Startling data shows just how common Chicagoland expressway shootings have become

ByBarb Markoff, Christine Tressel and Tom Jones and Chuck Goudie WLS logo
Wednesday, June 19, 2024
How common are expressway shootings across Chicagoland?
Since 2019, there have been 868 expressway shootings across Illinois, most of them in metro Chicago.

CHICAGO (WLS) -- Chicagoland expressways have become shooting zones over the past five years.

Since 2019, there have been 868 expressway shootings across Illinois, most of them in metro Chicago. The dangerous drives are from north to south and east to west.

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So far this year, there have been 42 expressway shootings. An I-Team analysis finds that is a significantly reduced number from last year.

But just last Friday, I-55 became the latest in a stretch of expressway gunfire that has left motorists and passengers shaken, wounded and sometimes dead.

Expressway shootings are such a problem in Illinois that the state police have created a dashboard of data just to track the numbers, timing, dates, details and mortality statistics.

On that site there is a startling visual reinforcement of how common expressway shootings have become.

The map of Chicagoland expressways with shooting incidents are data-marked in red. They are pockmarks of pain and suffering.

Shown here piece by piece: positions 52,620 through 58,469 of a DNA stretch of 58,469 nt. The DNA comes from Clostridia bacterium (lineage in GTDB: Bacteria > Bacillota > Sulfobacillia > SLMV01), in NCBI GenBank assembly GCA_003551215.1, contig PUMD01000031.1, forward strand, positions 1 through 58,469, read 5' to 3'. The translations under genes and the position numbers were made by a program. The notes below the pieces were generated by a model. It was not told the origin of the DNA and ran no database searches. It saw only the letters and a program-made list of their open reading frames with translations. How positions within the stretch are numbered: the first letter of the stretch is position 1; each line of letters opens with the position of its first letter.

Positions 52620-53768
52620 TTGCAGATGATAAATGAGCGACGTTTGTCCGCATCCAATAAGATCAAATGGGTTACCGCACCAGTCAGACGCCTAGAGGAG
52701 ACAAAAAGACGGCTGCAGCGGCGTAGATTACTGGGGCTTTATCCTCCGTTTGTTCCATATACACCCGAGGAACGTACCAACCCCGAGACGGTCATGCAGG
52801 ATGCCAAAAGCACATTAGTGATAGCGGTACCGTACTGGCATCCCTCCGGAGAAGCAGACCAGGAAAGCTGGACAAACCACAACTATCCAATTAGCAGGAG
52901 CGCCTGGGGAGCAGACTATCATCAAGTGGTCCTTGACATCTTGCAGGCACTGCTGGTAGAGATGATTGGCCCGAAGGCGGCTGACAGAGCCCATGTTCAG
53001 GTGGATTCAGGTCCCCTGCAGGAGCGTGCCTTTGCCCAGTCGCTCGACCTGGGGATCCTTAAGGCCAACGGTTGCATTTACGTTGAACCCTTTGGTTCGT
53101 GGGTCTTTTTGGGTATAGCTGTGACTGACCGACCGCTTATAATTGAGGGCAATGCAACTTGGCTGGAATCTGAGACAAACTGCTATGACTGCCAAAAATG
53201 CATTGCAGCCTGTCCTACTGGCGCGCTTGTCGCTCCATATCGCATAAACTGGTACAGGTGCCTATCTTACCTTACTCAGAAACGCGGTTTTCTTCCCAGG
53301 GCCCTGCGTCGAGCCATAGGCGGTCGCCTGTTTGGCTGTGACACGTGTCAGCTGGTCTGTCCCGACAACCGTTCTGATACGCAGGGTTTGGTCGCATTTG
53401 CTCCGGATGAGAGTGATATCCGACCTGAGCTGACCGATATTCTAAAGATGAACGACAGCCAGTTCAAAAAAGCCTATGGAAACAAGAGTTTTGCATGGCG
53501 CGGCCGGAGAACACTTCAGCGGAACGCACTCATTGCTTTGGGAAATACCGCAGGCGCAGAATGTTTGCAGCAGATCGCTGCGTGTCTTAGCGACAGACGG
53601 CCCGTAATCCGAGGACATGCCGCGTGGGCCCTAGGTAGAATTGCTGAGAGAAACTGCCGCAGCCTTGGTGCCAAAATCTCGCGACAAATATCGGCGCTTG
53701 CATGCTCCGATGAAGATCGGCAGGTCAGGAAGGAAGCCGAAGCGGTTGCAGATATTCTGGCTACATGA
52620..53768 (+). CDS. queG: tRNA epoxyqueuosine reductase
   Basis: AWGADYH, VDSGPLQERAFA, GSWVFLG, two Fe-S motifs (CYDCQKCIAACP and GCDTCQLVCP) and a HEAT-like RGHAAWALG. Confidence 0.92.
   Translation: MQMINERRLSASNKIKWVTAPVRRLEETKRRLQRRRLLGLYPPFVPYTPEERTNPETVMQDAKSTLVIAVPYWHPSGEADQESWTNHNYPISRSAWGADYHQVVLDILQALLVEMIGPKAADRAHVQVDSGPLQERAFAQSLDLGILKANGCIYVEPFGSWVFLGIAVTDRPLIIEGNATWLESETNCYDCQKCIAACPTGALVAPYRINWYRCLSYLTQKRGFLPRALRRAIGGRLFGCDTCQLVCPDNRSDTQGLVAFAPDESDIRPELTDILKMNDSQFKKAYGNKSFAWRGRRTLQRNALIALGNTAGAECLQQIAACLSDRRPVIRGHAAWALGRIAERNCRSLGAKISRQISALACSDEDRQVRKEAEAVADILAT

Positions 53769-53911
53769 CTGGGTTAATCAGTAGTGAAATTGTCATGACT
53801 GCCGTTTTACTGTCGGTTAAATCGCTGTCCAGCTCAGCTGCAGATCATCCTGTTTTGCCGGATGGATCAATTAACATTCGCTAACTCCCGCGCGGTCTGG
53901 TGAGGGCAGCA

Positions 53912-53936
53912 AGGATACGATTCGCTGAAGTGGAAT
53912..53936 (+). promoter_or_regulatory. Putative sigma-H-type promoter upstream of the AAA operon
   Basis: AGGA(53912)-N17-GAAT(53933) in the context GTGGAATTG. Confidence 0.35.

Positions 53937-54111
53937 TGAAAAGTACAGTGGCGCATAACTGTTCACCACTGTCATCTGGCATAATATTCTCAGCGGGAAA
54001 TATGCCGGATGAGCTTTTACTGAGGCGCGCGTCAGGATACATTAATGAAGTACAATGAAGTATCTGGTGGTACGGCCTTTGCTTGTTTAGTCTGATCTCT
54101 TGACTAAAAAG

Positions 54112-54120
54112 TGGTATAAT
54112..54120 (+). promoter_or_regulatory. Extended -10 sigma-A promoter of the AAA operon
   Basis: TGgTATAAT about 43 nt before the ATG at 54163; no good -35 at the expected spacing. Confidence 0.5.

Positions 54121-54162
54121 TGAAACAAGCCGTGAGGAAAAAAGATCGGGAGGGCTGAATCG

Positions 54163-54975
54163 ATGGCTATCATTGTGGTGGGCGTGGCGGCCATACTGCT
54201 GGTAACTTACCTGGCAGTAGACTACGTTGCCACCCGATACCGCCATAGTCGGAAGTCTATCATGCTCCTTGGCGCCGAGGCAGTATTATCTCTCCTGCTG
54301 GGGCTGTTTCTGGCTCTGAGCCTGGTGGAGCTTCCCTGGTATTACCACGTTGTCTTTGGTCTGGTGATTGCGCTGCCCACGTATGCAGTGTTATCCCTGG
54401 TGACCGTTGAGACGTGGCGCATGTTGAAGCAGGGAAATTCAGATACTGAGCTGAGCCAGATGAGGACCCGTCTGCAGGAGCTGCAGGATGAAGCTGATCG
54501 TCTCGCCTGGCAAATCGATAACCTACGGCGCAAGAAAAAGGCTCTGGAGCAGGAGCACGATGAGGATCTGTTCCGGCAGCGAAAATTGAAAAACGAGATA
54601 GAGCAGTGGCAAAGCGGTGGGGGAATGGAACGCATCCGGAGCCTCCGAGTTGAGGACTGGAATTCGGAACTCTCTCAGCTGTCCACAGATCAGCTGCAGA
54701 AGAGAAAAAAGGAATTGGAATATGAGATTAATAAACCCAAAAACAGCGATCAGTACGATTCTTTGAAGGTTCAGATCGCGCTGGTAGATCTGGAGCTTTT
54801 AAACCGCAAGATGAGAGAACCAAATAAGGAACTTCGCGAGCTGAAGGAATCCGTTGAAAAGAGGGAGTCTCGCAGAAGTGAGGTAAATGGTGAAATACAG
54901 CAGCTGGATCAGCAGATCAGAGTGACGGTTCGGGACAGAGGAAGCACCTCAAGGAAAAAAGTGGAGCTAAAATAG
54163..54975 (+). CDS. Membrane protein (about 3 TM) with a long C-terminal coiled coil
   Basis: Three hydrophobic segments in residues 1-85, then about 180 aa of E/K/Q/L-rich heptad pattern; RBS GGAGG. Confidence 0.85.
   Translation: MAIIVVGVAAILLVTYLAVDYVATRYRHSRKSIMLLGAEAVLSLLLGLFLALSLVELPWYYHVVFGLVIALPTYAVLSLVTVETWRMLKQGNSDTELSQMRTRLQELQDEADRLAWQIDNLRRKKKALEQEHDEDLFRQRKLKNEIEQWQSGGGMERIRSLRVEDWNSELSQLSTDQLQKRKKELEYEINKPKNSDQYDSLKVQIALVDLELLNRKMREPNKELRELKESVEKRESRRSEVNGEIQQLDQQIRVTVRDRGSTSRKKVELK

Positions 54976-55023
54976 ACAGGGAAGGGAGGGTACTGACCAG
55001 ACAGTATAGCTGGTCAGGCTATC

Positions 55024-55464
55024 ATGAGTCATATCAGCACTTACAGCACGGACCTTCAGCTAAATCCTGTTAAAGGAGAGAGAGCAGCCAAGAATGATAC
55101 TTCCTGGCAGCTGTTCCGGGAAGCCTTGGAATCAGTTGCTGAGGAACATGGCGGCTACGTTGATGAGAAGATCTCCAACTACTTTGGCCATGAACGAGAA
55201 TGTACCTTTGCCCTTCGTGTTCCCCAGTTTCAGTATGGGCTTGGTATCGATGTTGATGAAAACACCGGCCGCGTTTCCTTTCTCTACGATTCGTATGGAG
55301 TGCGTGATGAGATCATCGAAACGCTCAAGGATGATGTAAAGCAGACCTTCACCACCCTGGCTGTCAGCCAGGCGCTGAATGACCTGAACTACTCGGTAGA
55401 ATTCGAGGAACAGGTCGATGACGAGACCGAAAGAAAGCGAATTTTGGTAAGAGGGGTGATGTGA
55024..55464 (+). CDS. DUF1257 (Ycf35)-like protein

Each one is a separate shooting incident the past five years -so many that only a few short stretches have been without a shooting.

According to Illinois State Police data, the most dangerous drive is I-94 also known as the Dan Ryan, where 206 shootings have been tracked since 2019.

The I-290 or Eisenhower Expressway, named for a past president who was the father of the nation's interstate system, is next at 136 shootings.

The ISP dashboard also suggests when shootings are most likely to occur.

Sunday is the most frequent expressway shooting day with Friday and Saturday close behind.

As the I-Team reported more than two years ago, ISP installed 99 new license plate reading cameras along the Dan Ryan in an effort to track those who opened fire on the most dangerous expressway. Nearly 200 others are in use along other expressways.

Illinois State Police director Brendan Kelly has touted the importance of license plate readers that ISP now says leads to a suspect in eight of every 10 expressway shootings of any kind.

State police officials say that their current success rate in identifying the shooters in fatal expressway attacks is now at 100%.

But not everyone applauds the tool.

A new lawsuit this month accuses state officials of operating unconstitutional "dragnet surveillance."

The suit, demanding reader cameras be shut down, was filed by two Chicago residents and the Liberty Justice Center.